This week I highlight the latest advice regarding the Coronavirus and the impact of the 2020 budget on the sector. Please be aware that the situation with Coronavirus is dynamic and could change at any time.
DfE Coronavirus latest advice
The Prime Minister last night confirmed that anyone with a new persistent cough or high temperature is now advised to self-isolate for seven days, as the UK government moves to the “delay” phase of its plan to tackle coronavirus.
Schools have been advised to cancel trips abroad, and older people and those with pre-existing health concerns have been told not to go on cruises.
The DfE has launched a helpline (tel: 0800 046 8687) which “complements the advice being provided by Public Health England (PHE) and the regular updates the DfE has been sending to all educational settings since the start of February”. The helpline is open from 8:00am to 6:00pm on weekdays. The DfE has notified all educational settings that the helpline is now open to school staff, leaders and parents.
Impact of the 2020 budget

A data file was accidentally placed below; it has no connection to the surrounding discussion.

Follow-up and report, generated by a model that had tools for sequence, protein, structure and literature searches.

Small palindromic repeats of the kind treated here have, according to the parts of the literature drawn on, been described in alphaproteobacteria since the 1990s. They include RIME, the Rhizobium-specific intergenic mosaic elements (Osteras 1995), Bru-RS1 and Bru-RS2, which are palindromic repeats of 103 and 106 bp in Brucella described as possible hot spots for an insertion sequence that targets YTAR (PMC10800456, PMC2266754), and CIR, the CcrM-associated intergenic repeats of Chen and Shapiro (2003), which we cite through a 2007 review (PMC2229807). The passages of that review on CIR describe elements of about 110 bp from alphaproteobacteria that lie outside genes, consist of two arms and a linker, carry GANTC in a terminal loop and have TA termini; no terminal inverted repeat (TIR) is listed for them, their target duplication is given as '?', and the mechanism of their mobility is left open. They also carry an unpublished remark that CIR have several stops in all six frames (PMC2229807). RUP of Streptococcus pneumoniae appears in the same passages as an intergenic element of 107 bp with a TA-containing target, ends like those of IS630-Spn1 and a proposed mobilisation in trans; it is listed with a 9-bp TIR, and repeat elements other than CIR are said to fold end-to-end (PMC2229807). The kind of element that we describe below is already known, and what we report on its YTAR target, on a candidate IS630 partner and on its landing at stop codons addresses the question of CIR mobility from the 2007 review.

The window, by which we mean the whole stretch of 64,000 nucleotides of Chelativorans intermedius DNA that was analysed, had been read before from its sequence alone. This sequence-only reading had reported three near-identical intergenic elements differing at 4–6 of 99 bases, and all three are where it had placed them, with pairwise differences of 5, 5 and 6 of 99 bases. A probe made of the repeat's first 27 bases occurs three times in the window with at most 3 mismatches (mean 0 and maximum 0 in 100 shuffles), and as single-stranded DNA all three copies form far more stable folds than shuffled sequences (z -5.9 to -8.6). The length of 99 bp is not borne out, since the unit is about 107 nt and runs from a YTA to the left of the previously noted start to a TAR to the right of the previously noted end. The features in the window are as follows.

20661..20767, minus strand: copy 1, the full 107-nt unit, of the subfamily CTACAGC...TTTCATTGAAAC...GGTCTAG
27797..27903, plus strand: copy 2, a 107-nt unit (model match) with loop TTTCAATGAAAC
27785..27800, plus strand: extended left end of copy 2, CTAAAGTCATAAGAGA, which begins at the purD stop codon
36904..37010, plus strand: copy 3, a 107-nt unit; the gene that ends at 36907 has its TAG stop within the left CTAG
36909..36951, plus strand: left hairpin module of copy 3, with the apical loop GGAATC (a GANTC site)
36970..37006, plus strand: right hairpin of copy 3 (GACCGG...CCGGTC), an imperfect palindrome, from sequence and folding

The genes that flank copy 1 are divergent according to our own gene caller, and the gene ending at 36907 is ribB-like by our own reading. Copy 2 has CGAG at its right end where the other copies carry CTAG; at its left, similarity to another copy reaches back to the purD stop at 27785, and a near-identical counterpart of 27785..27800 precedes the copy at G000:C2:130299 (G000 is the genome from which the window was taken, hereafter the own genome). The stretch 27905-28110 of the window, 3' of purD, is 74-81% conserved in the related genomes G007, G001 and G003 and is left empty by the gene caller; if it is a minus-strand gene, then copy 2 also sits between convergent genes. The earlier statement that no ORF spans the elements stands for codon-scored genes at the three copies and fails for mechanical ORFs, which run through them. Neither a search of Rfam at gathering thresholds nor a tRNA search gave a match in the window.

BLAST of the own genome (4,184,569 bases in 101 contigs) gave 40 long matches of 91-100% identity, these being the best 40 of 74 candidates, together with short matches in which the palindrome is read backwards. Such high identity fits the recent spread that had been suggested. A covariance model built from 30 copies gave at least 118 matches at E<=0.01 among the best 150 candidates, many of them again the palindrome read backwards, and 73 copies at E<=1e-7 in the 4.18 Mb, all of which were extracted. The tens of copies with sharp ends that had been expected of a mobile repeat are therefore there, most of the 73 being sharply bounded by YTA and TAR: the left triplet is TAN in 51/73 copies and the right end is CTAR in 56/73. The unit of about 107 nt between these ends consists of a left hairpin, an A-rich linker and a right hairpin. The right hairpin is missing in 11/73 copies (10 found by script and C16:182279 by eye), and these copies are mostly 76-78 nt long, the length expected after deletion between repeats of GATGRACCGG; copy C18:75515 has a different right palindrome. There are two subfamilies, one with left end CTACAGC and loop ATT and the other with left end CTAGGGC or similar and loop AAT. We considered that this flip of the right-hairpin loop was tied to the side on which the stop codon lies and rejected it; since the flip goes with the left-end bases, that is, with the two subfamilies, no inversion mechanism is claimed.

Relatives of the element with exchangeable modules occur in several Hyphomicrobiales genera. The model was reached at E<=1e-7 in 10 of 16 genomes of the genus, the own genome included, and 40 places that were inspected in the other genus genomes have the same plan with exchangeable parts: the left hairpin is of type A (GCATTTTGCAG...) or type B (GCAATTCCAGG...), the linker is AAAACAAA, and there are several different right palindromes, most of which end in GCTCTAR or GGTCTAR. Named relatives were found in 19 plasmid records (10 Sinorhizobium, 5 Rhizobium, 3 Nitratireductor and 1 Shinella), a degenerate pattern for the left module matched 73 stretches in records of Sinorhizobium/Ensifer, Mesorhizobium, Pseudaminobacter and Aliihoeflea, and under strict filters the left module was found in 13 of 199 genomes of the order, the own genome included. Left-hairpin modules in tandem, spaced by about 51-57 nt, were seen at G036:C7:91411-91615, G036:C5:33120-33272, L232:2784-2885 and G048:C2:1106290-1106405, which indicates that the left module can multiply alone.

The chancellor Rishi Sunak has delivered his budget address in Parliament this week and the announcements relevant to schools were as follows:
- Freelance workers affected by coronavirus can claim benefits more easily – supply teachers and other freelancers in the education sector will be able to access benefits more easily if they cannot work due to coronavirus. To help freelance workers, who do not qualify for statutory sick pay, they will be able to access benefits from day one of their absence and will be able to sign up online rather than by going to a job centre.
- Spending pledges – a list of spending pledges was highlighted during his speech, including funding for specialist 16-19 maths schools in every region, £25,000 on average for each secondary school to invest in arts activities and £29 million a year to improve PE teaching.
However, none of these are new as the Education Secretary, made the maths schools pledge last year, and the funding for arts and PE were in the Conservatives’ manifesto.
- The ‘reading tax’ is being abolished – VAT currently charged on digital publications will be removed from December 2020 and as this is charged on things like digital fiction and textbooks and education resources this move may prove helpful to schools.